Alisa Lebow is a filmmaker, film scholar and writer. She is originally from New York but currently based in London where she is a Reader in Film Studies at the University of Sussex. Alisa teaches and conducts research focused in political documentary film and media. She is also the creator of a project called Filming Revolution. This project is “a meta-documentary about filmmaking in Egypt since the revolution”. Through the project’s website, visitors can engage with over thirty Egyptian filmmakers, artists, activists and archivists about their work. We reached out to Alisa to learn her more about her career, her thoughts on political documentary and Filming Revolution.

Arab Film Festival: I always find it interesting to hear how different people in the film industry got their start or at least developed their interest in what they’re doing today. What initially drew you to film, over other types of media and forms of storytelling? How did you get your start in the industry?

Alisa Lebow: It’s hard for me to describe myself as part of the film industry, because I’ve basically been trying to figure out, for my whole career, how to make work and think about work that operates, in some respects, outside of the industry. Whether that means work that is independent or activist or operating in an art context, or what have you. I think part of what drew me to pursue my PhD and become an academic was so that I wouldn’t be beholden to that industry, which in some respects I’ve always resisted.

I started working in film way back in the late 1980’s and I was drawn to it as, in some sense, a better, more effective way to do politics. I had always been an activist of some sort, involved in the anti-nuclear movement, the feminist movement, the gay rights movement, AIDS activism, anti-war movements and so on. I also had a brush with the way politics was done in Washington when I got out of college, working for a time with Congressional staffers on Capital Hill, and I knew that was not for me: too much privilege, too much compromise, too little real world contact and connection. And then I had the opportunity to learn how to make documentaries, working with a brilliant activist-filmmaker in New York named Amber Hollibaugh. From that moment on, I was hooked.

AFF: I understand that the research you focus on at the University of Sussex has mainly to do with documentary films, especially political documentaries. What makes a really good political documentary?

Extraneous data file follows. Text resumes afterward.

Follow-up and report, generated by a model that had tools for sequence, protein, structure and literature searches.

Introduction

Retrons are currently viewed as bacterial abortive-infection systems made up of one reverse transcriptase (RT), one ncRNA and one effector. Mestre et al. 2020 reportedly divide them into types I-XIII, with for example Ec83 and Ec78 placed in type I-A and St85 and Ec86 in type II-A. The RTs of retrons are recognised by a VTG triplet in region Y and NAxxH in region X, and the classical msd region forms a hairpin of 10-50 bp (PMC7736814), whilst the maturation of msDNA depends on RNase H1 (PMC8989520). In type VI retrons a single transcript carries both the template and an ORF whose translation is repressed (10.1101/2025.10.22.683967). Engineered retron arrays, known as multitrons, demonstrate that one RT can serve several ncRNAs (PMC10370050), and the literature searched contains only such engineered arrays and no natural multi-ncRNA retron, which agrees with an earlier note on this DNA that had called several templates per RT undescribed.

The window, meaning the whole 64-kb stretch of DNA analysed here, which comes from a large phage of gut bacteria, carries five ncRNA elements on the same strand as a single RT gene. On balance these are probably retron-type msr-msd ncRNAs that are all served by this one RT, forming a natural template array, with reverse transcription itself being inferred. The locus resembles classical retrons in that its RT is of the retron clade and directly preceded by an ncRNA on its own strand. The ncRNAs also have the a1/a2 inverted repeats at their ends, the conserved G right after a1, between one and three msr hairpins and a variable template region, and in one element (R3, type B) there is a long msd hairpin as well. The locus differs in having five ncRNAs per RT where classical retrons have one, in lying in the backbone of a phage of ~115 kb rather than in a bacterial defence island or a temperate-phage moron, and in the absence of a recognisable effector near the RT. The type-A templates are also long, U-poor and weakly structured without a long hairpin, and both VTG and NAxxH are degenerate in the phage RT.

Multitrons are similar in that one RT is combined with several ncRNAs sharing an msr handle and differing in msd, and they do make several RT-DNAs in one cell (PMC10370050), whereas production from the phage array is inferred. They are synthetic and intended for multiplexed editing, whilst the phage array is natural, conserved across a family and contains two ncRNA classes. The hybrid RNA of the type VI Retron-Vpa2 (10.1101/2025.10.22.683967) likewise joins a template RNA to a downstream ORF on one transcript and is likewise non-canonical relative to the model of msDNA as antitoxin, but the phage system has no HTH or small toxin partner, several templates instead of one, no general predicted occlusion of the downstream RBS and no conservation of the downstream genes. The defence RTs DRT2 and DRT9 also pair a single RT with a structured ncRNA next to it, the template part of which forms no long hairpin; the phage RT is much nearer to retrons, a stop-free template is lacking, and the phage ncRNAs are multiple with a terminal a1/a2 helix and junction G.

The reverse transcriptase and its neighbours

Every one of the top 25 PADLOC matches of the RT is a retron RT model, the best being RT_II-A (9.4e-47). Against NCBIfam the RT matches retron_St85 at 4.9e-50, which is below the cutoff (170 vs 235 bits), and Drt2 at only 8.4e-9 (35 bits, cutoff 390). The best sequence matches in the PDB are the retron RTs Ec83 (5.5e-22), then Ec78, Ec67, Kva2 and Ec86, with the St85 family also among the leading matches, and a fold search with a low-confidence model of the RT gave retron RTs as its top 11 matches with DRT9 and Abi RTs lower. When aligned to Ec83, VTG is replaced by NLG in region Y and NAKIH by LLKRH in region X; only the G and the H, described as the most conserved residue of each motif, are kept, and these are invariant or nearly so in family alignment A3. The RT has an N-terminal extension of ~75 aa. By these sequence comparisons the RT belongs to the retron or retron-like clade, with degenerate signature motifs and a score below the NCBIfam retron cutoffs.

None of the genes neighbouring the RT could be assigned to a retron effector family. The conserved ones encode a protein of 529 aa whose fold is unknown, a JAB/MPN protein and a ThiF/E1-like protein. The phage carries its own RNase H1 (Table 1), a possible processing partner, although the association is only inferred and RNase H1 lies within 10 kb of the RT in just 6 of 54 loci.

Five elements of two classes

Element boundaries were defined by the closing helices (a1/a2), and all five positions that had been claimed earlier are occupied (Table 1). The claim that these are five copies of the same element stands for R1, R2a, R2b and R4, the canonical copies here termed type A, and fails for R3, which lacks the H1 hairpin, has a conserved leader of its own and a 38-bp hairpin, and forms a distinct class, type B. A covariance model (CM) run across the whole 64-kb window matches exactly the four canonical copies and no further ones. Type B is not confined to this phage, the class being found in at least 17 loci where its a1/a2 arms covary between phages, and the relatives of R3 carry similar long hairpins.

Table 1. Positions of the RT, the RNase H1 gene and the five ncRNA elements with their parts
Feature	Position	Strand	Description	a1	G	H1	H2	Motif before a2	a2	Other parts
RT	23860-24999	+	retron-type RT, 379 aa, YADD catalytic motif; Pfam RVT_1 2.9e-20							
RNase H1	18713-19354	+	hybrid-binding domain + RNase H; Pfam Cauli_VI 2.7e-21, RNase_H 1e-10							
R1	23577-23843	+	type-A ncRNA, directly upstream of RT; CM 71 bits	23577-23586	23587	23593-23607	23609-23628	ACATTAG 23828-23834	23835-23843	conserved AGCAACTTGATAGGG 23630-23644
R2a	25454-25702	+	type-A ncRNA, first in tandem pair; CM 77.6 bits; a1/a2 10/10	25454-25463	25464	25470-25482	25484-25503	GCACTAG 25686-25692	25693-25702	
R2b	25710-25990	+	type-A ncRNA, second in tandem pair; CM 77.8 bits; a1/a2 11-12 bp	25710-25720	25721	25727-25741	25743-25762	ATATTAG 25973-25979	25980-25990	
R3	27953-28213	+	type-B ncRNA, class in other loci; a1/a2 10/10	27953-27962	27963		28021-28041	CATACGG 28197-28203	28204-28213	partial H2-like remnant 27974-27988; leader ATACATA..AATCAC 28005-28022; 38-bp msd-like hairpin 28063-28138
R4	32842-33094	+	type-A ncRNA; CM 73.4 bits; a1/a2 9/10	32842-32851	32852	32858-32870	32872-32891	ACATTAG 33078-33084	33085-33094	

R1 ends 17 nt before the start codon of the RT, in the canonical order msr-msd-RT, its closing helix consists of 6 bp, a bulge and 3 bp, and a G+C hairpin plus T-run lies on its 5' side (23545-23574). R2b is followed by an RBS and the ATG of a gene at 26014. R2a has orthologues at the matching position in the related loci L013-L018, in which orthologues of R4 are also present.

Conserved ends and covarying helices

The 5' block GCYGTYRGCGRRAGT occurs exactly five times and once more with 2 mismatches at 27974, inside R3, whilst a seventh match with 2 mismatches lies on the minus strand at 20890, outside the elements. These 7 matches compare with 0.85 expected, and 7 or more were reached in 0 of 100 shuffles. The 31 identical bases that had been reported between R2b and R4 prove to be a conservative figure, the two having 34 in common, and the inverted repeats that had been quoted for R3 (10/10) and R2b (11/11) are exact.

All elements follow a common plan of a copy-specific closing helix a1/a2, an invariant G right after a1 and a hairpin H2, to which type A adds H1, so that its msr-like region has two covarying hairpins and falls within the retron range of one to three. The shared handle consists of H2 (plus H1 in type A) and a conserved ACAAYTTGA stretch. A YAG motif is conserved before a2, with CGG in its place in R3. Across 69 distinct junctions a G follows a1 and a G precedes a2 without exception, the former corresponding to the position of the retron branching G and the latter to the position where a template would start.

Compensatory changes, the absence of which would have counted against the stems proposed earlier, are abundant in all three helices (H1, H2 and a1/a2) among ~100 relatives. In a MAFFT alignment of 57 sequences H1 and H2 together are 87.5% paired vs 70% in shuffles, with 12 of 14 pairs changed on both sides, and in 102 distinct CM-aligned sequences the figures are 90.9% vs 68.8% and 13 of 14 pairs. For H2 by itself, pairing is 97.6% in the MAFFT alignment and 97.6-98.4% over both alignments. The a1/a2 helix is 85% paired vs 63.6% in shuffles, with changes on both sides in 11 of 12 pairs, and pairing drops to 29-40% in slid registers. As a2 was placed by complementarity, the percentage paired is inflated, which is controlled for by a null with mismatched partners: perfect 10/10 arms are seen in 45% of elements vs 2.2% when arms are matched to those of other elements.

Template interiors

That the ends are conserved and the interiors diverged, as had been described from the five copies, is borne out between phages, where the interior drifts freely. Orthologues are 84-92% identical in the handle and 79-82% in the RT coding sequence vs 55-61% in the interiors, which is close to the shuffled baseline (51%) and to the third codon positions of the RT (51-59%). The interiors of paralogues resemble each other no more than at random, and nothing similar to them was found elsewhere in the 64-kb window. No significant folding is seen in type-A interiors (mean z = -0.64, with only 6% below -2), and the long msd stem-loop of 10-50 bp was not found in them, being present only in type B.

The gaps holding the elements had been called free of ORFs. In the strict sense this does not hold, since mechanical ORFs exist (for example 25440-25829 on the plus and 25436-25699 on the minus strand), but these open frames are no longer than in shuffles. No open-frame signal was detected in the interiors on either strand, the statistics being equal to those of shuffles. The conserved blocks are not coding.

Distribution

AL: What makes for a really good political documentary, if you ask me, is not only good politics, (whatever that might mean), but a strong creative vision as to how to represent your ideas effectively. You don’t need a huge budget or a big crew, and alternatively, it doesn’t have to be no-budget, wobbly-cam, grainy, or in your face. Documentary filmmaking, political or otherwise, is about creative expression. You need to understand your medium and to think visually, (and aurally,) in creative ways. You can’t just make a case or talk at people, nor can you string a set of interviews together and think you’ve made a good political documentary. The form is as important as the content and if you hope to be thinking in politically challenging ways, you must bring some of those challenges to your filmmaking as well.

AFF: How can we support future generations of filmmakers who want to engage with what’s happening in the world?

AL: Supporting future generations of politically engaged and critical filmmakers is no small feat. I was speaking on a panel recently at the Sheffield Documentary Film Festival where a young filmmaker wanted tips as to how to become a ‘radical filmmaker’ since that was the focus of the panel. I had to laugh, because really, that is not a career path. No one makes money and very few people manage even to support themselves making what you might call ‘radical’ film. One does it out of commitment and passion. That said, I don’t consider myself a ‘radical filmmaker’. I am interested in what that might mean and my Filming Revolution project considers the question of revolutionary filmmaking in some detail, but I’m more of a scholar of these questions than a radical filmmaker per se.

Back to the question of supporting young politically engaged filmmakers, the only way I know how to support them is to teach political films, to write about the work, and to make projects like Filming Revolution. People need to be exposed to this kind of work, to know it exists, and hopefully to aspire to make more of it.

AFF: You are also the founder of a project called Filming Revolution. Could you explain to our readers what this project is?

 AL: I would call myself the director or producer of Filming Revolution. It is an interactive database documentary, or what I call a ‘meta-documentary’ because it is a platform where filmmakers from Egypt talk about their own projects and thoughts about filmmaking. I went to Egypt twice over the course of six months (between 2013-2014) and interviewed 30 filmmakers, (and activists, archivists and artists,) about their filmmaking since the revolution. All of the people interviewed were active in the revolution, though not all of them have made films about it.  I conceived of the project as a way to learn more about what it means to be a filmmaker in the midst of history unfolding. What is film’s role? What can a filmmaker do in such a situation? What did these particular filmmakers and historical actors in this particular historical moment choose to do?